God isn’t judging to pass sentence There’s no heaven above, hell below, good admitted to rise, evil doomed to descend. We are the only ones manifesting God’s glory. Because if we don’t manifest it, then it isn’t there. If we never manifest it, the darkness that’s nothing is all there is, in a universe of unseen fire and unfelt rock and gas.


I was doing this visualisation and for whatever reason it led to a dream where in it I was trying to imagine I was hanging out with Jesus. And you know, in this case, it was the white Jesus my dream pictured. Probably because that’s the picture my subconscious has seen the most of, and in the most different expressive forms.

And suddenly I’m sitting with Jesus, in some kind of Middle Eastern hermitage. And I’m looking at him, in this dream visualisation, knowing what I’m seeing is real – not merely a scene created in my imagination. There was no serenity, no overwhelming bliss or joy in me.

In fact, it was was terrifying because the being – Jesus or whatever the Jesus form was manifested by – seemed beyond sensitive, beyond vulnerable. The being, whom we’ve been taught to perceive as God, omnipotent according to scripture, was the opposite of potent. More than anything it seemed like the being needed help.

And what terrified me, in the dream, was that’s the last version of Jesus I wanted my mind to create. We want a Jesus that’s gonna help us, an all-knowing, all-certain manifestation of divinity… What the fuck! This vulnerable, frightened, trembling, lonely Jesus didn’t or couldn’t see me. But I could see the desperate need, the crippling sensitivity.

Afterwards I tried to make sense of this. It was so beautiful, in hindsight. And just purely on that one vision, a lot of things made more sense.

Do a Google search for “anything you do, you give the world the permission to do…” The results are all wrong. Inversions of the sentence’s meaning, in a predictably egocentric trite way. What permission means, I think, is you’re the only arbiter of morality and every act that you do, you’re saying ‘anyone can do this to me’. You want to lie? Then you’re saying everyone can lie to you. You want to cheat? You’re saying everyone can cheat on you.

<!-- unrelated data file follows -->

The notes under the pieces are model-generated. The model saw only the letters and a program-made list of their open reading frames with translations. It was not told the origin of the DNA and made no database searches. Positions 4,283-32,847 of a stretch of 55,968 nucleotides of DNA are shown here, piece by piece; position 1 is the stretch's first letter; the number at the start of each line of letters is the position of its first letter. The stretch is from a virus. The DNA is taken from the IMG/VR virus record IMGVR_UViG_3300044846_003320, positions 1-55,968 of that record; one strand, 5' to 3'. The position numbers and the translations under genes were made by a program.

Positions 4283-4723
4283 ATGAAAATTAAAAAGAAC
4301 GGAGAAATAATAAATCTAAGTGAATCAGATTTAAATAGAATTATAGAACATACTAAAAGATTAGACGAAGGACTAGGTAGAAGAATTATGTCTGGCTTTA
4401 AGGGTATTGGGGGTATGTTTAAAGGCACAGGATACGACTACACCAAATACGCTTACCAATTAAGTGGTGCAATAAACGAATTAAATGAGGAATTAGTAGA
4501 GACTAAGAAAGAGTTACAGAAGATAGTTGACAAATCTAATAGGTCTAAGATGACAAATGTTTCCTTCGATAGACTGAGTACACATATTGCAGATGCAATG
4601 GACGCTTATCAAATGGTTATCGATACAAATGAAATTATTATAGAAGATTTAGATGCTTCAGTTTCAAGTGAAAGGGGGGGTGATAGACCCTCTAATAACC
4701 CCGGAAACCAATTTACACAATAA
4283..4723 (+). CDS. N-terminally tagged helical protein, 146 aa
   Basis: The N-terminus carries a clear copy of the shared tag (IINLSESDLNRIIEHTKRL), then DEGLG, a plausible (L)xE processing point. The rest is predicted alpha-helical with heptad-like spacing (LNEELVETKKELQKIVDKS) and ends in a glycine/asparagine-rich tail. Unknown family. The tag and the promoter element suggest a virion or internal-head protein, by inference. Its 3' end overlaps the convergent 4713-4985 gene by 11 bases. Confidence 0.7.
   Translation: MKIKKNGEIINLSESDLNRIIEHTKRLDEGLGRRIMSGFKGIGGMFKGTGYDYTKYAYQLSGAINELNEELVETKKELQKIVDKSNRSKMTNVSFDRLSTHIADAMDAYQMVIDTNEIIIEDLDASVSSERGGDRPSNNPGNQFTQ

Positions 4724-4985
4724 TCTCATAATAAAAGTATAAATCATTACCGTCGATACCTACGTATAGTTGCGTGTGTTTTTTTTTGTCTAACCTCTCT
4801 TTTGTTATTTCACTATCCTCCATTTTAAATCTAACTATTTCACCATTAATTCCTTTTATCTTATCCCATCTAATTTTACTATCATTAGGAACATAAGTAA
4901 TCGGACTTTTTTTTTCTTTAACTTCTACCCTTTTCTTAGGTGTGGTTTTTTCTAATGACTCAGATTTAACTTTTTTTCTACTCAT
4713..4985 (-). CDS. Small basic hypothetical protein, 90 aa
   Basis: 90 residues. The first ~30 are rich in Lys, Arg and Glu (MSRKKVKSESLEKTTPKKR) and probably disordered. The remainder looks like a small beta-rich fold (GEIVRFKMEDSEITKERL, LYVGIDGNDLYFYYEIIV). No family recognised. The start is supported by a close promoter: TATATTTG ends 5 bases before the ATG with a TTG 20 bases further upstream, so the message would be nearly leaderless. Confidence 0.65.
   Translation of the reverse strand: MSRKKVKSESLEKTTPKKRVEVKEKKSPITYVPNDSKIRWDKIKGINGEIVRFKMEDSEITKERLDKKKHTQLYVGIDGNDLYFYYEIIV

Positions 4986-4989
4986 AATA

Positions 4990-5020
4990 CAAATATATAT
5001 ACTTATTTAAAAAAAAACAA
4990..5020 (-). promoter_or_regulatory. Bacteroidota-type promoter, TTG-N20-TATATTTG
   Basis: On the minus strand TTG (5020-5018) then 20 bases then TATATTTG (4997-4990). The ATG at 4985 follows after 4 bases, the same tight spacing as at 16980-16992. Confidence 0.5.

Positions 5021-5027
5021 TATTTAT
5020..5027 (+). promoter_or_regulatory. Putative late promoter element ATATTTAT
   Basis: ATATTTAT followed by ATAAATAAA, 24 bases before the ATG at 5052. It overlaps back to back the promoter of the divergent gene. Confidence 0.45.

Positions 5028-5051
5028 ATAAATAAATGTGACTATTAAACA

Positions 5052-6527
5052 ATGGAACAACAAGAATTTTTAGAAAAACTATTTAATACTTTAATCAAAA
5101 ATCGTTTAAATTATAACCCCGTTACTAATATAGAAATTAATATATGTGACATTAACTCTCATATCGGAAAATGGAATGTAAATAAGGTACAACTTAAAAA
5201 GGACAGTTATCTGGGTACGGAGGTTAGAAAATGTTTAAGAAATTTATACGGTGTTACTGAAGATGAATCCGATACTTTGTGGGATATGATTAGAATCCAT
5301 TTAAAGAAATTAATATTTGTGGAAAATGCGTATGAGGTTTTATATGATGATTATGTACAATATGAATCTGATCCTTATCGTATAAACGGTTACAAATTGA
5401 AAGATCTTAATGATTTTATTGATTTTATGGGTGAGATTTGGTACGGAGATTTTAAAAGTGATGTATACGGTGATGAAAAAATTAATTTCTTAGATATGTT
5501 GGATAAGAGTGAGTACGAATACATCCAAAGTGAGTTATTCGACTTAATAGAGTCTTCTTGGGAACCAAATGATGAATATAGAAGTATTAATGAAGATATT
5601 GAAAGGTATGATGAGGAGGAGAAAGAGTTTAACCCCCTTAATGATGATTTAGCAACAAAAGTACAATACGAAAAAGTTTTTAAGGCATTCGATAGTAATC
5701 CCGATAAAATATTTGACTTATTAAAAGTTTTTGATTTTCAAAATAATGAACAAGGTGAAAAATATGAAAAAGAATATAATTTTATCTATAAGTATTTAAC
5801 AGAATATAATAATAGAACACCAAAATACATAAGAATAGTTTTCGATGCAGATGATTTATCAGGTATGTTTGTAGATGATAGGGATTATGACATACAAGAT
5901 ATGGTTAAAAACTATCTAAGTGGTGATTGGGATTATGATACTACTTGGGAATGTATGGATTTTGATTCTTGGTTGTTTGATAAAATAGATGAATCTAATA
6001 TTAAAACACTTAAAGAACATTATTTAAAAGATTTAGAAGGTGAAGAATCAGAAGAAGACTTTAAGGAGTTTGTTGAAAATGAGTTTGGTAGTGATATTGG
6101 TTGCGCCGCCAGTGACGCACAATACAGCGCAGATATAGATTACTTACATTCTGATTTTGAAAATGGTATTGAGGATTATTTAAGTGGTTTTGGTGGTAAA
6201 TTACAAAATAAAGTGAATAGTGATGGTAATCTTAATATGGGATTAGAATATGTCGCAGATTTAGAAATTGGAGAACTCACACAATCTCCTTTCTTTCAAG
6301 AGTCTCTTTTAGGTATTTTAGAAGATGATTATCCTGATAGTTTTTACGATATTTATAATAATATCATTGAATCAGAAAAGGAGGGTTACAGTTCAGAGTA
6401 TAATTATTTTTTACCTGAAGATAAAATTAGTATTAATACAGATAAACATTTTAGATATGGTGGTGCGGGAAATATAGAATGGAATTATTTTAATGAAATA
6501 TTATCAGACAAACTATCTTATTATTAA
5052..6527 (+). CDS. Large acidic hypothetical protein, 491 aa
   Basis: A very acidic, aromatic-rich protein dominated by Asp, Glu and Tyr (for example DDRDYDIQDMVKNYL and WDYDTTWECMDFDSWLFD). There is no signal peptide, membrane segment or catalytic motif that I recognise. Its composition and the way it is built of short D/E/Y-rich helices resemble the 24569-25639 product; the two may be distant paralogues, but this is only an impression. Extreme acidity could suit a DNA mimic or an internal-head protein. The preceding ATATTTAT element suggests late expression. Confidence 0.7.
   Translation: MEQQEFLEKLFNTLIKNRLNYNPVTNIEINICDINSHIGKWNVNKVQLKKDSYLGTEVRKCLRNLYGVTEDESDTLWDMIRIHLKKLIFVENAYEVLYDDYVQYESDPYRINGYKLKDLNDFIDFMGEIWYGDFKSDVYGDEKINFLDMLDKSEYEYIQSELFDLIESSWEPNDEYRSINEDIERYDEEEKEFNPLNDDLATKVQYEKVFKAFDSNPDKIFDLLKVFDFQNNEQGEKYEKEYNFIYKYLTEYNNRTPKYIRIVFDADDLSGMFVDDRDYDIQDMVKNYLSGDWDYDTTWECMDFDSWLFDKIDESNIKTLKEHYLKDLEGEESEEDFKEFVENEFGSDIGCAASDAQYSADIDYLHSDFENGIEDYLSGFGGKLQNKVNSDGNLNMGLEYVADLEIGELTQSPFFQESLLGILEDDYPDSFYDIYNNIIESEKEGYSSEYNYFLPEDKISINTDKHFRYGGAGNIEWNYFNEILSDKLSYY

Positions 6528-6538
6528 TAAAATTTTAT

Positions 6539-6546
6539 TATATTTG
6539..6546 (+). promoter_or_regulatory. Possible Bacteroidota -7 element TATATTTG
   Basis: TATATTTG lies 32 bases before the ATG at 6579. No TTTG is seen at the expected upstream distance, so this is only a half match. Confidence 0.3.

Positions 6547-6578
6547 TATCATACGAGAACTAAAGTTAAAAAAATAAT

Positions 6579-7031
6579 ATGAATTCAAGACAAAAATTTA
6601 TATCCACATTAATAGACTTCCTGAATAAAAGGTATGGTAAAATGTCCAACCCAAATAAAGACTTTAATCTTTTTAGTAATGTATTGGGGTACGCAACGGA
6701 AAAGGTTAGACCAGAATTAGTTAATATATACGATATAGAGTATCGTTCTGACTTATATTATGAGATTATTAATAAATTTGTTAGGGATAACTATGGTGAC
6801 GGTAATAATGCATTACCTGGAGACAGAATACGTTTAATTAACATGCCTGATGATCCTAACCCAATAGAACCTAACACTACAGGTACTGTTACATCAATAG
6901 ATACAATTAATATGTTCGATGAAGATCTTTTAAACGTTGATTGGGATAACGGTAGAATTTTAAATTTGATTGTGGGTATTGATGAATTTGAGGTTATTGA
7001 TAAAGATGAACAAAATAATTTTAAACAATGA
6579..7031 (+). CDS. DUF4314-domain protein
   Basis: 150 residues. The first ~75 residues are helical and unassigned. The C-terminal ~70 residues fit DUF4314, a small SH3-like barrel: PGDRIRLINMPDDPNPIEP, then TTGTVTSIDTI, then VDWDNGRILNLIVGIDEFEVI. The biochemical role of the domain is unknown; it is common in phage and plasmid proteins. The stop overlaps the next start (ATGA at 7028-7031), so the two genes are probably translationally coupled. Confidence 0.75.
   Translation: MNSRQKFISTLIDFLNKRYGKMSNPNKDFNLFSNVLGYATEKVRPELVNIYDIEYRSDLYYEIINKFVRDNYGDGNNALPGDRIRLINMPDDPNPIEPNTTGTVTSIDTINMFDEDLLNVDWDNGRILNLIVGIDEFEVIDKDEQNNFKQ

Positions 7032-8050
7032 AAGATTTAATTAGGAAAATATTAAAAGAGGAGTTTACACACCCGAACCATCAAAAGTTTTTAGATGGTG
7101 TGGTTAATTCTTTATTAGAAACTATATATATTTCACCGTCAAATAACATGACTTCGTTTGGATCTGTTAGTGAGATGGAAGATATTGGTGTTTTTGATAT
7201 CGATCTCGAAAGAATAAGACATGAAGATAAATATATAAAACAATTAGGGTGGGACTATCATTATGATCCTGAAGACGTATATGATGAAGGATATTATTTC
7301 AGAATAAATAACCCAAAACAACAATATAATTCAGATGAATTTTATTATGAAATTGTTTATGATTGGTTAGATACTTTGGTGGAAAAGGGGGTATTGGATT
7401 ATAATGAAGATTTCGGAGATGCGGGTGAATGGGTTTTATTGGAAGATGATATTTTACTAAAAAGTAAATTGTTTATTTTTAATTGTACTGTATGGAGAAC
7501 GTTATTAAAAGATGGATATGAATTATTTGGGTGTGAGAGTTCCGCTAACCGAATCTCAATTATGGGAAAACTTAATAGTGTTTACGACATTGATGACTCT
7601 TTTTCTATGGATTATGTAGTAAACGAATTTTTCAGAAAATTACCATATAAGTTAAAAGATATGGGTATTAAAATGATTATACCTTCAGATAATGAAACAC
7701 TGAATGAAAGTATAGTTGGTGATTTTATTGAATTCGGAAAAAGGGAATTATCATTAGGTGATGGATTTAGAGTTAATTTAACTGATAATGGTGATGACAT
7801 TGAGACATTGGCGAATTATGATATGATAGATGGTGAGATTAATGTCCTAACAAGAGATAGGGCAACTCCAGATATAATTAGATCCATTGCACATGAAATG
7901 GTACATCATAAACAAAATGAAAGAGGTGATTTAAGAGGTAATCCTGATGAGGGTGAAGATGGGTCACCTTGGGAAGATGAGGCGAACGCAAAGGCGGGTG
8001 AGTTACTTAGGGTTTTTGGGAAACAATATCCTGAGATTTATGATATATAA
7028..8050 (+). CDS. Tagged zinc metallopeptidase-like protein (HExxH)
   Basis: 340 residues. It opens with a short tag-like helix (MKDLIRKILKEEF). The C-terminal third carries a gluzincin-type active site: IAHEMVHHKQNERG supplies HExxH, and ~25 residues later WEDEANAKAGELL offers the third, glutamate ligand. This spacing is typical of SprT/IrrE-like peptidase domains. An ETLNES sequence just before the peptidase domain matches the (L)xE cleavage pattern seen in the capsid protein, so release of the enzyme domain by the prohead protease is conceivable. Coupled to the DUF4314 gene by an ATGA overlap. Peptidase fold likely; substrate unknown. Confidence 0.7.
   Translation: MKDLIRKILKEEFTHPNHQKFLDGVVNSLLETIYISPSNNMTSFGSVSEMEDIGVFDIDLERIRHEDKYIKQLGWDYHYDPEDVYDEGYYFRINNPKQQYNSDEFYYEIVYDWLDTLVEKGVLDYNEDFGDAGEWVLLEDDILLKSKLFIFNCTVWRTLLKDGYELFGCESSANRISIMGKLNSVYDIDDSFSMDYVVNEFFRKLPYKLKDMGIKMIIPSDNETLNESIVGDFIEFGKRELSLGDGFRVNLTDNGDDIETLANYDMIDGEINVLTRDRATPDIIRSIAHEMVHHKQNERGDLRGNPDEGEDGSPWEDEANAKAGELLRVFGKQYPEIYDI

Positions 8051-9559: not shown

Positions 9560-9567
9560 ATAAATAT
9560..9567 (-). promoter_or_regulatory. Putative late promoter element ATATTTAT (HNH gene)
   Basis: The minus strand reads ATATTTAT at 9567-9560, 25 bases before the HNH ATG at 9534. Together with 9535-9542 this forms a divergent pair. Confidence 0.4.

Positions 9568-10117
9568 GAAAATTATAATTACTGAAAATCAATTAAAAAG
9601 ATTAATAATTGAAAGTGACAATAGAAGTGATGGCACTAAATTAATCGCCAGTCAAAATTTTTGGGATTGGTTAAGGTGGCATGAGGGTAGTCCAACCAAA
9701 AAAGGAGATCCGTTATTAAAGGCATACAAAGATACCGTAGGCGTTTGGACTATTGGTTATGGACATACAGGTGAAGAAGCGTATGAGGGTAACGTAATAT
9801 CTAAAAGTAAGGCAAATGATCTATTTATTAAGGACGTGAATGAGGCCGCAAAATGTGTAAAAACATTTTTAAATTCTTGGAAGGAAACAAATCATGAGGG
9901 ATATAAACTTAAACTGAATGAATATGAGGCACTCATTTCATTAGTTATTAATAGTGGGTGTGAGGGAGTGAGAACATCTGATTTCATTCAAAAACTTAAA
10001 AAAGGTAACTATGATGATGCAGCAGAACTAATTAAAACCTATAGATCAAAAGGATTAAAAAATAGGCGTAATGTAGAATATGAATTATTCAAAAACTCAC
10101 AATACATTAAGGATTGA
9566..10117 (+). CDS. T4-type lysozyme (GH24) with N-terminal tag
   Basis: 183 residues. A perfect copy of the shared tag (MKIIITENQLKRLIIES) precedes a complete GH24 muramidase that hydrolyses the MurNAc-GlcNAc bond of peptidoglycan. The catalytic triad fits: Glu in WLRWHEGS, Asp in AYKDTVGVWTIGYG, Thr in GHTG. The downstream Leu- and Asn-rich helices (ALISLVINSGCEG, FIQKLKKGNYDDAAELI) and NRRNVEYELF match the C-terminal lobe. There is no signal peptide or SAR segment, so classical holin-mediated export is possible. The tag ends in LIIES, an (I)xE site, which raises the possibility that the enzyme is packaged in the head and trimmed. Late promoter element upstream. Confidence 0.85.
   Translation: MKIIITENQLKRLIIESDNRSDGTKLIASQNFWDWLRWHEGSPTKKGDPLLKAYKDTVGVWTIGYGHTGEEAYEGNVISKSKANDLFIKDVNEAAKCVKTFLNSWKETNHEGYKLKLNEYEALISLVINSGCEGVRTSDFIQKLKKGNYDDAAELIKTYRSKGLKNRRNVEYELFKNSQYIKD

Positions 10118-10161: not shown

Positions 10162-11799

We’re the embryonic God, right now. This is it, is it? Yeah. This is it. There is no omnipotent God. There is potential but no more. God is still a work in progress, for everyone in their own turn.

The universe is ambivalent? But that’s just because the rainbow wheel – like on your computer – is spinning. Searching. Loading.

If the sum total of sentience in the damn homo sapiens species veers in the evil direction, the opposite direction to the promised land MLK was talking about, then that’s what we get. We get the Leviathan. We manifest the demonic Leviathan. Because we’ve chosen the Leviathan.

And then we’re stuck with it perhaps, for as long as its cannibalistic self-destructive behemoth can hold its chaos together…

And if that’s all we can do, it ends in nothing. No God. We deny the universe a God of grace and love and existence.